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Beit Midrash Series P'ninat Mishpat

based on ruling (appeal) 76035 of the Eretz Hemdah-Gazit Rabbinical Courts

Chapter 596

Operating a Preschool in a Private Building – part I

2
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Summary of Original Ruling and Appeal: The plaintiffs (=pl) are residents in an apartment building in which their neighbor (=def) operates a preschool program (gan) for two-year olds. Pl complain that this causes noise and disturbances in the building, including making the use of elevators unfeasible at times. Beit din had ruled that the gan could continue for three reasons: 1. The present use of the apartment for a small group of children is within ordinary use approved by municipal standards (up to 10 children in Jerusalem). 2. Even if it were out of the ordinary, special consideration is given to Torah schools, and this applies to ganim as well (it is at least a matter of mitzva). 3. The Chatam Sofer says that necessary business that cannot be run in commercial areas can operate in residential ones; since there are not enough public accommodations for ganim in Jerusalem, residents cannot prevent their neighbor from running a small gan.
P'ninat Mishpat (604)
Beit Din Eretz Hemda - Gazit
595 - Unartistic Material for Artistic Work – part I
596 - Operating a Preschool in a Private Building – part I
597 - Unartistic Material for Artistic Work – part II
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The appeal questions these reasons as follows: 1. According to Israeli law, it is forbidden to have any business in a residential building without a special permit, and the municipality’s turning a blind eye does not change that. In this case, also, neighbors have complained for years, and def has not acted to minimize damage. Also in the past, she exceeded 10 children and it is hard to check if she is now exceeding it. 2. The institution of R. Yehoshua ben Gamla applies only from the age of six, and certainly not under three, and it anyway cannot overrule a local law. 3. The Chatam Sofer applies only when there are no alternatives. In this neighborhood, there are quite a few public buildings, and, in any case, ganim are usually on the ground floor where they are less disruptive.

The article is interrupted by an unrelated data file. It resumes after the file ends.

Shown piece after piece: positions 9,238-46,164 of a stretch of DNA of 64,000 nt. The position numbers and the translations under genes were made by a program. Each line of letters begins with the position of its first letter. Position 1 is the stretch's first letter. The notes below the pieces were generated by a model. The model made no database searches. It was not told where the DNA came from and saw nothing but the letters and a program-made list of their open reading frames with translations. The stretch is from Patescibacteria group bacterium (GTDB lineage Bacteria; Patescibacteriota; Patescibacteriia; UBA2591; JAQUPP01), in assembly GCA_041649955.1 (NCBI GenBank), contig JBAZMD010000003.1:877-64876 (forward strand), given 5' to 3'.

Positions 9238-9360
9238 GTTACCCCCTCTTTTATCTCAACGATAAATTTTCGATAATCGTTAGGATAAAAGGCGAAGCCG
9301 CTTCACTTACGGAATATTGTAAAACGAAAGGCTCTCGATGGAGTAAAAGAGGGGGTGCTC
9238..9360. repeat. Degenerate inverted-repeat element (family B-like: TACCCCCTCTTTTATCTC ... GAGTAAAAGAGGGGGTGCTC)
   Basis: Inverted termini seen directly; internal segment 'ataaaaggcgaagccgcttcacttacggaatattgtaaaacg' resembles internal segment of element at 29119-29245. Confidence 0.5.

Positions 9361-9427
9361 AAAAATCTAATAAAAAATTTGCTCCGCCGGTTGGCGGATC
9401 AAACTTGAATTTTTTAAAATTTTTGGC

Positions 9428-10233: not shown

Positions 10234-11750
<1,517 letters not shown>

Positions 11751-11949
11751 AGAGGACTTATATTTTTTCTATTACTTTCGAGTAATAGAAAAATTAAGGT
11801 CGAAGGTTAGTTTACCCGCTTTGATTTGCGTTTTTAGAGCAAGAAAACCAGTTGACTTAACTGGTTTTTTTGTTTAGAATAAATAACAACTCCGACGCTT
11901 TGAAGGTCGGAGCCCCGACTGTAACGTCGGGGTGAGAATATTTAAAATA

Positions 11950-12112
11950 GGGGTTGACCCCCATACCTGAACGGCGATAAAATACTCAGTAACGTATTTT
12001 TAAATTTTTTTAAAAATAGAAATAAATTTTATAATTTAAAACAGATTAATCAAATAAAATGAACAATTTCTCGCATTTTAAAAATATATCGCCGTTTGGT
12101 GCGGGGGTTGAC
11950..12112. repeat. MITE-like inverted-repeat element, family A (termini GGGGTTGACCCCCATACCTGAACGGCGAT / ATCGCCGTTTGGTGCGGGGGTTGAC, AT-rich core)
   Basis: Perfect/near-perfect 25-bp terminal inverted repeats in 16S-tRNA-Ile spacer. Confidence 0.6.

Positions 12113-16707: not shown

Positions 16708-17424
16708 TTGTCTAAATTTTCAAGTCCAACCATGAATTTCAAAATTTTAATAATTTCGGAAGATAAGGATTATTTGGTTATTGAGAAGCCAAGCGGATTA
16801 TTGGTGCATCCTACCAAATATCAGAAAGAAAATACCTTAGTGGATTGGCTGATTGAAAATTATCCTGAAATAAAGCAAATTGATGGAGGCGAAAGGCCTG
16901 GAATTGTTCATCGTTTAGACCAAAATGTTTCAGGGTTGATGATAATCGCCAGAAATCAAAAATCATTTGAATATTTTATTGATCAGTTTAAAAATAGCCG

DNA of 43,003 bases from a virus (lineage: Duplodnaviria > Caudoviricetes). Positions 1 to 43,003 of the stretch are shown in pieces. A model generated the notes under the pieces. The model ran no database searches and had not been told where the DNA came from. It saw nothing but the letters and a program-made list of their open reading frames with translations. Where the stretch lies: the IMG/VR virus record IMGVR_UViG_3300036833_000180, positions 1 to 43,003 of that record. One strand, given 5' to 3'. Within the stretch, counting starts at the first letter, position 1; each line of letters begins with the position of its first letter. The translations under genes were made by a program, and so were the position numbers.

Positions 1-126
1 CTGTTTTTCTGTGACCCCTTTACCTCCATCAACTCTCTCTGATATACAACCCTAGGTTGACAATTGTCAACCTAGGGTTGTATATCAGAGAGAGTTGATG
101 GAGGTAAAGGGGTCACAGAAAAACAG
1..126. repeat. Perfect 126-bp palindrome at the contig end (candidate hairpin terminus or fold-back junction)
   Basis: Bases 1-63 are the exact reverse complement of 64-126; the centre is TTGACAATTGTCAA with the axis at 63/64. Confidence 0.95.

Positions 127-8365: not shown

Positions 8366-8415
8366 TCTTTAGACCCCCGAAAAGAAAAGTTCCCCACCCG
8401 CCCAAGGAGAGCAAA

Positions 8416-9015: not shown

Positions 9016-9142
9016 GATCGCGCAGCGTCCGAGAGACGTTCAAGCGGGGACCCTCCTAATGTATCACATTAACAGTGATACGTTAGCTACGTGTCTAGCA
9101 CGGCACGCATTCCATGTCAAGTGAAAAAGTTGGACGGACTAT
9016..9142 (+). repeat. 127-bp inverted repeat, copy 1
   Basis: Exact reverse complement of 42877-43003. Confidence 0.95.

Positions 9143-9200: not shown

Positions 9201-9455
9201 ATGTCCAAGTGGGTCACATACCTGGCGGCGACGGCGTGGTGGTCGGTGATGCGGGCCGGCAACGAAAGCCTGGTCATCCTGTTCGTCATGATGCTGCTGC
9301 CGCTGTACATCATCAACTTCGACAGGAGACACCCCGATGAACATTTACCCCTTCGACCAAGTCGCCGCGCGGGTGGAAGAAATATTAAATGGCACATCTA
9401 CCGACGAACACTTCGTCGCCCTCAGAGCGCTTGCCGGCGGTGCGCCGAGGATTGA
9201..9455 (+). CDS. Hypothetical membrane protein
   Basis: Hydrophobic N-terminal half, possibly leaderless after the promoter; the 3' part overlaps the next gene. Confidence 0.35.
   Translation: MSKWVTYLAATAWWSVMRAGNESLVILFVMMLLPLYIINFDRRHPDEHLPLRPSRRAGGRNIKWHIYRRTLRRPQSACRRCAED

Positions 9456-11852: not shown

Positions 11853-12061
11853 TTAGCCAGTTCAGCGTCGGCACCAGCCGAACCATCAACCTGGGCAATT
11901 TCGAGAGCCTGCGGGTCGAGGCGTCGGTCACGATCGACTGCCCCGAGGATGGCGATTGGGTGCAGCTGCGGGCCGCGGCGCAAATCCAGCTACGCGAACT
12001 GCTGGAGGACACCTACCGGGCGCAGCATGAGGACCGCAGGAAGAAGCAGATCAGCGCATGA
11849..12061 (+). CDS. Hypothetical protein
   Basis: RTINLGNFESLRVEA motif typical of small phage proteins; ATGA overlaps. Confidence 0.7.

Ruling: Before addressing each claim, we note that it is enough for one of the reasons to be valid to allow the gan to operate.

1. The fact that many businesses do not apply for a special permit to operate in residential areas is not criminal activity. The phenomenon has been approved by numerous court rulings and Knesset reports. Such publicly approved phenomena determine how to apply the existing laws. They do not apply to small "businesses," such as a gan up to 10 children, as is regulated by the municipality. It can operate now even if def exceeded that number in the past. If a resident suspects def of presently concealing the true number, he can ask the municipality to send an inspector.

2. Pl is correct that the institution of R. Yehoshua ben Gamla does not apply under the age of 3. If Torah needs to be taught at that age, it can be done in a short amount of time out of "school."

3. The logic of the Chatam Sofer is what guides municipalities in setting their standards. Clearly, on a citywide level, there need to be ganim in residential buildings, and it is not always feasible for it to be done on a ground floor. For this reason, the city does not require it. Therefore, the appeal is rejected.

Next time we will evaluate the rules beit din incorporated into running the gan.
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